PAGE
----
We put a stop to the A Level grading algorithm!

Tagged with: Algorithmic justice

Foxglove, together with A Level student Curtis Parfitt-Ford, have forced the government to U-turn on the disastrous A-level algorithm. This happened in the wake of our judicial review threats, mass petitions and national disgust. The government has announced it will axe the grading algorithm in favour of teachers’ assessed grades.

In a last-minute U-turn, the government threw beleaguered students a lifeline by scrapping Ofqual’s unfair grading algorithm in favour of teachers’ assessed grades. The algorithm downgraded thousands of students’ marks and threw their futures into disarray. The government has been forced to face the consequences of its massive error.

Foxglove, working with Ealing A-level student Curtis Parfitt-Ford, urged the government to “grade the student, not the school” giving more weight to teachers’ assessed grades and to open a free appeal route for students on academic merit, including teachers’ assessed grades. In the wake of extreme pressure, the government has abandoned its algorithm entirely.

Together we launched legal proceedings against the government over the algorithm. In a pre-action letter sent on Curtis’ behalf on Friday, our legal team explained why Ofqual’s algorithmic grading exceeded its statutory powers, violated key principles of data protection law and set out further reasons why Ofqual’s process was unfair and unlawful.

This is a major win for a brave comprehensive student from Ealing, Curtis Parfitt-Ford. Curtis did well out of the algorithm individually and was pleased with his result. But well before Thursday’s disastrous results came out, Curtis felt deeply concerned that the algorithm would disadvantage students by treating them as statistical aggregates, not individuals. He wrote to his MP, launched a change.org petition that over 250,000 people signed, and teamed up with Foxglove on a judicial review—all for the sake of his fellow students.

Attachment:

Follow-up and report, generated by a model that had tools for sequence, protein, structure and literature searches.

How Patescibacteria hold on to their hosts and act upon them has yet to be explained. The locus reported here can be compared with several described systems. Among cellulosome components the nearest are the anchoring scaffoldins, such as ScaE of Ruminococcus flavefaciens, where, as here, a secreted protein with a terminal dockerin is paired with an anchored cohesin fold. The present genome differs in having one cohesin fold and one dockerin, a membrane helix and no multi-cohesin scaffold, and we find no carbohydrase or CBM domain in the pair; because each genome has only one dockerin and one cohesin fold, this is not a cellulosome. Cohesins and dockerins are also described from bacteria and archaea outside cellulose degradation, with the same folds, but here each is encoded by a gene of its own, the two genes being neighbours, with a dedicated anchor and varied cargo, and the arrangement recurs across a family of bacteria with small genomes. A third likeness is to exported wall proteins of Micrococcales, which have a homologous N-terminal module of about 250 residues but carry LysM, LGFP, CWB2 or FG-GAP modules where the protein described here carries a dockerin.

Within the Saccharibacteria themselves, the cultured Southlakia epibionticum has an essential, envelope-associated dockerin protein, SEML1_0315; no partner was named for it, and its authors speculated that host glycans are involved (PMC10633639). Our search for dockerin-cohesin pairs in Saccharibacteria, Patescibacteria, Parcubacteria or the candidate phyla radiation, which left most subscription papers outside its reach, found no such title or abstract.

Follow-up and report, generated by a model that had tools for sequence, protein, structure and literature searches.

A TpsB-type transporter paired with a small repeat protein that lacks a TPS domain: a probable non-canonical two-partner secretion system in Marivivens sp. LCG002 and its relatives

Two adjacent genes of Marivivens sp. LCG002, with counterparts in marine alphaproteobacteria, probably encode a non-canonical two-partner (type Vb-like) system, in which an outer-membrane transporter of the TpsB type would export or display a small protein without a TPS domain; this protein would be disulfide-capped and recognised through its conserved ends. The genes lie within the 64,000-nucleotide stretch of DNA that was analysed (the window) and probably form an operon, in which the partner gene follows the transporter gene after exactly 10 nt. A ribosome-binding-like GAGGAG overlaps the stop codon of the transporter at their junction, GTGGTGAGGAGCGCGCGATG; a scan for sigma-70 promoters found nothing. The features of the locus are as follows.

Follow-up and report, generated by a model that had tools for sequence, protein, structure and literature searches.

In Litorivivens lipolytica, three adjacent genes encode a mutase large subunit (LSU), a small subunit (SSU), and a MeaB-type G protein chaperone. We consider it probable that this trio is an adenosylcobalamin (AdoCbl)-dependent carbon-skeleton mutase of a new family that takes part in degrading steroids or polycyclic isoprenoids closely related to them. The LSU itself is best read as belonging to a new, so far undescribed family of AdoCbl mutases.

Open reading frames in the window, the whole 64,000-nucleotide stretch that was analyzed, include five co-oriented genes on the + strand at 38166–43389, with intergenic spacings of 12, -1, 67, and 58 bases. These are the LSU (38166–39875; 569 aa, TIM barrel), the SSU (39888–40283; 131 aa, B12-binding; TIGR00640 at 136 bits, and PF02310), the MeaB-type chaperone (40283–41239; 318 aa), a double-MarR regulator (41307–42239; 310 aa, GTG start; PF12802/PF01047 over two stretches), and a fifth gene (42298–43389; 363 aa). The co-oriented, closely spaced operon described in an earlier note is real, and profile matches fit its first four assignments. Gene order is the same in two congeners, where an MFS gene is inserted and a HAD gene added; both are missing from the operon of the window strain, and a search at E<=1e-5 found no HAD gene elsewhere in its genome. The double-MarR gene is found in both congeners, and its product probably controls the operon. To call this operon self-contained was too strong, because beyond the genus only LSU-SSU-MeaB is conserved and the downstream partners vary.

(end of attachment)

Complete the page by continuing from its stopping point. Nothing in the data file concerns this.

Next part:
The government must now urgently clarify how students will get their new grades and what will happen to those students whose grades were adjusted up rather than down – as well as those taking qualifications other than A-levels such as BTECs and other vocational qualifications.

We hope the this fiasco sparks a much-needed national debate about the use of opaque algorithms in public life. Not simply how they are used, but whether they should be used at all. In the future, consequential algorithmic systems must be designed and built in a way that is democratically acceptable and which does not cause chaos in thousands of lives.

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